By Lise Alves, Senior Contributing Reporter
SÃO PAULO, BRAZIL – As expected by many economists and feared by Brazilian government officials, another ratings agency has downgraded the country’s sovereign ratings. Fitch Ratings lowered Brazil’s rating from BBB to BBB-, one grade shy of junk level, while maintaining its outlook negative.
“The rating downgrade reflects Brazil’s rising government debt burden, increased challenges to fiscal consolidation and a worsening economic growth backdrop,” said the statement released on Thursday by the agency.
According to Fitch analysts, the political environment is hampering progress of the government’s legislative agenda and creating a negative scenario for the broader economy.
The agency stated that Brazil’s economic recession is likely to be deeper and longer than Fitch’s earlier expectations and. Medium-term prospects look weak compared to other large emerging markets. Fitch currently projects a government deficit of nine percent of GDP in 2015 for Brazil.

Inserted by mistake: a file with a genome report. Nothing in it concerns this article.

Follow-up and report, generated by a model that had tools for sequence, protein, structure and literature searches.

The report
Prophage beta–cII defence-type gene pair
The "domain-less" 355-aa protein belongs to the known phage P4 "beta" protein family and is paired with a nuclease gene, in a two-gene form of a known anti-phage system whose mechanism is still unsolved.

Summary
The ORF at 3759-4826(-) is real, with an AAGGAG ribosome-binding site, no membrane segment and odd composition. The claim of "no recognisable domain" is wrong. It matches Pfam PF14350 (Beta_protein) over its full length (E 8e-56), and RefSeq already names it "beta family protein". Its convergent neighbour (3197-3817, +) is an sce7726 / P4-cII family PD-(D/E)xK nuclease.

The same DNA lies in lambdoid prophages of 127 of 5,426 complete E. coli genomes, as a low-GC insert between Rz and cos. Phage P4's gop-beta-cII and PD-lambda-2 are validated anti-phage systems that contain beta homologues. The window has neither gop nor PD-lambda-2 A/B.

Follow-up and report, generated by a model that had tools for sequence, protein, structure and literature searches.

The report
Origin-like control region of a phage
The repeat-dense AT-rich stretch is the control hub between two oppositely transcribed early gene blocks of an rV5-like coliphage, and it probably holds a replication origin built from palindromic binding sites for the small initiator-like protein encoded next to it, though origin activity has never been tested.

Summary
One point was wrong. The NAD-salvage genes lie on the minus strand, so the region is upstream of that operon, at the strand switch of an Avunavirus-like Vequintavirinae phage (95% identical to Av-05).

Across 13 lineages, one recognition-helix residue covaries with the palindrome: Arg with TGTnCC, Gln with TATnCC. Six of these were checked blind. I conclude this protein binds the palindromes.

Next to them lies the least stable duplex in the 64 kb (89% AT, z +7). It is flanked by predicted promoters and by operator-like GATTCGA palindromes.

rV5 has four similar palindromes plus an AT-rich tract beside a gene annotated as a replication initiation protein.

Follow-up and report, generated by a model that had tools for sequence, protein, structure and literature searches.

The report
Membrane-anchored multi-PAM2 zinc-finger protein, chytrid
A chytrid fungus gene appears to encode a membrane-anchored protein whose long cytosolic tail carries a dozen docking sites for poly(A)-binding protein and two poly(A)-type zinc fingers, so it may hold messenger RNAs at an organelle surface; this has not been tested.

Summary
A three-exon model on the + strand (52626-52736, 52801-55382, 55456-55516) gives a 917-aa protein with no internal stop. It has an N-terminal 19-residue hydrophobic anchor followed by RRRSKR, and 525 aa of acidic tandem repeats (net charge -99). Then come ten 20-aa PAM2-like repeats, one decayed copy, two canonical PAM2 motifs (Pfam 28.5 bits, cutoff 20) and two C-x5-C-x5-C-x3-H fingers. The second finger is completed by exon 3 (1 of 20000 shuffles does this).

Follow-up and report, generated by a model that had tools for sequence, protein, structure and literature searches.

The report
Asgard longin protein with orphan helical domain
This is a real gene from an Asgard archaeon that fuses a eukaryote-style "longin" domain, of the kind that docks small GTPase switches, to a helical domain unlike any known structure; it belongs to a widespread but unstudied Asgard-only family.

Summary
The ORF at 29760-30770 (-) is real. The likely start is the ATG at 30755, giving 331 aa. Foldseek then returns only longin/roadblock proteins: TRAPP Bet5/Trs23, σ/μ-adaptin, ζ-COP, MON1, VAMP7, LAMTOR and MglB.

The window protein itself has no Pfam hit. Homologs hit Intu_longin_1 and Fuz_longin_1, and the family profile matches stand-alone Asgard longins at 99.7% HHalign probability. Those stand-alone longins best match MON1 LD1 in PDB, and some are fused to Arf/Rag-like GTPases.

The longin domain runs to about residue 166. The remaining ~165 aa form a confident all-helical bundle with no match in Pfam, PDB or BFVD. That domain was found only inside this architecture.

For Fitch declining growth or difficulty in consolidating fiscal accounts, continued political and governability risks that undermine policymaking and decrease confidence, and deterioration of government debt composition could lead the company in the medium term to withdraw Brazil’s investment grade.
Fitch is the last of the three ratings company to downgrade Brazil’s sovereign ratings this year. In August Moody’s downgraded Brazil’s credit rating but maintained the country’s investment grade. In September S&P went further downgrading the country’s main credit rating to junk status.
Brazil’s Finance Ministry reacted to the downgrade stating that it continues to believe in an economic turnaround in the coming years. “The Finance Ministry reiterates it is confident in the Brazilian economy’s capacity to return to a cycle of growth after the approval of the 2016 budget,” said the press statement released on Thursday afternoon.
Financial markets received the news positively. São Paulo’s Ibovespa index rose by 0.96 percent, closing the day at 47,159 points, while the U.S. dollar depreciated by 0.32 percent closing at R$3.80 to US$1.